At Oxford you'll have a grammar test for each post A level language you are applying for.
    For French, the first section consisted of around 10 sentences with missing prepositions/pronouns
    They were testing things like the ne explétif, à/de, en/y etc

    The second section was similar but you had to choose the right tense and conjugation of certain verbs (irregular ones that just need to be learnt)
    There was a lot of subjuntive in it, with questions like "Pour autant que je ______ (savoir)"

    The third section was English to French translation, again testing tricky bits of grammar with lots of subjunctive.

    The last section was French to English translation, which was mainly testing recognition of literary tenses like the passé simple "Il se mit à"
    and weird past participles and verbs (cueillir cropped up). Loads of people translated "Elle s'est tue" as 'she killed herself', when it was 'She fell silent'.

    Here are some past papers
    http://www.ox.ac.uk/admissions/under...sts/index.html
    Though I think there's only one per language.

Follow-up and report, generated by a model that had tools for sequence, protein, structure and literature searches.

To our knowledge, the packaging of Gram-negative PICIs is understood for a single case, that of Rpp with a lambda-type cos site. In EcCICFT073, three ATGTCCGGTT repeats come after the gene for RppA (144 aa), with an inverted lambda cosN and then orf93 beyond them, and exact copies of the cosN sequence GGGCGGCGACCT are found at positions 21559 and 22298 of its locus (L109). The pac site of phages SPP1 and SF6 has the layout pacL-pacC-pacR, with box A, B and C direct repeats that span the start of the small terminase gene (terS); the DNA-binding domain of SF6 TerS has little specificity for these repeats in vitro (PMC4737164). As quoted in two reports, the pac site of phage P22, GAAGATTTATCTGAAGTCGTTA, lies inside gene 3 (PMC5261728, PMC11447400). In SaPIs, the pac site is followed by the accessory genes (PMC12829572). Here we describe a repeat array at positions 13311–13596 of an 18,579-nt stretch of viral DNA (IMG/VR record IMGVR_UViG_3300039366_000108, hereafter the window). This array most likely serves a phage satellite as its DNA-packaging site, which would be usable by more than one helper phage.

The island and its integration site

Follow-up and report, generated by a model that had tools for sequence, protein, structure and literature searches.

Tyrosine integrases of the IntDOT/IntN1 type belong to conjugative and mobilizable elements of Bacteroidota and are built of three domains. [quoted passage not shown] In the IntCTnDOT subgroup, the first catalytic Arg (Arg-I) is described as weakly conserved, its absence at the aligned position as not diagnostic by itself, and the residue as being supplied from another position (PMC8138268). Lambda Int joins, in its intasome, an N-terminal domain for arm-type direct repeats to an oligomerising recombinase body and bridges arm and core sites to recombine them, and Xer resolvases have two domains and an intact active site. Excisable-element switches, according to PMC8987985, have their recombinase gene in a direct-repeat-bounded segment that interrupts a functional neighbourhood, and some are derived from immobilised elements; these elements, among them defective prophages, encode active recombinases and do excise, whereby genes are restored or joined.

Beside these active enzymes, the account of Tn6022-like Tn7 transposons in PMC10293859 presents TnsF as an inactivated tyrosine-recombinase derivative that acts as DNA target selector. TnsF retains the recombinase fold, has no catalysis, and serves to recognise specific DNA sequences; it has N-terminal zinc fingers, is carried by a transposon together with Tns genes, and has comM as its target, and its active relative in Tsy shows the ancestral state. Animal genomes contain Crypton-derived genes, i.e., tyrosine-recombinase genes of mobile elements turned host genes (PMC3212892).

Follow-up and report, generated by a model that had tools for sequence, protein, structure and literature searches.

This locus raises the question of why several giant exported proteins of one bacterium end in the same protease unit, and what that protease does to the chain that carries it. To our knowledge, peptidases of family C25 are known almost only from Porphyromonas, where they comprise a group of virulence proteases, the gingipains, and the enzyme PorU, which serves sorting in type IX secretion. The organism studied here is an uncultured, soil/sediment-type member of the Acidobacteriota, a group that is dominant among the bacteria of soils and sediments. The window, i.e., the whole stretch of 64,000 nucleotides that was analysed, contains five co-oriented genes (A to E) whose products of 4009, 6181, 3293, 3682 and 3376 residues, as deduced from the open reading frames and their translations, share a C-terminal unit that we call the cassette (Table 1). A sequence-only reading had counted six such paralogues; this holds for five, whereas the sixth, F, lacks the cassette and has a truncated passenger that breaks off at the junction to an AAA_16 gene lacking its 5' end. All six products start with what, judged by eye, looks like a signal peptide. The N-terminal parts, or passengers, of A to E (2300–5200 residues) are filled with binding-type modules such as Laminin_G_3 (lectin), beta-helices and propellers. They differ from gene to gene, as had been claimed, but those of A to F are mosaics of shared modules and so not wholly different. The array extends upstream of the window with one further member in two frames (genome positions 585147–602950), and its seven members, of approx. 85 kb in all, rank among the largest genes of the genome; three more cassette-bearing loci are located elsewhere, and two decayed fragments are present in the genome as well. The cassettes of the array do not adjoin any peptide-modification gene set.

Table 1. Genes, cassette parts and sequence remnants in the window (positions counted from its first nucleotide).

I also recommend these placement tests, which (for French at least) get quite tricky int he later questions
    http://www.lang.ox.ac.uk/courses/tst_index.html

    The interview itself was spent discussing a piece of French Literature. I got prose, but it's very likely that you'll get a poem instead. As long as you talk intelligently and vaguely coherently about the text you should be fine.
    I only spent about 5 minutes speaking in French at the end of the interview and it was a simple "How was your time in France" type question. However, this probably varies widely between colleges.

    My second interview wouln't really be relevant to your situation because it was a second French one testing aptitude for the French sole course.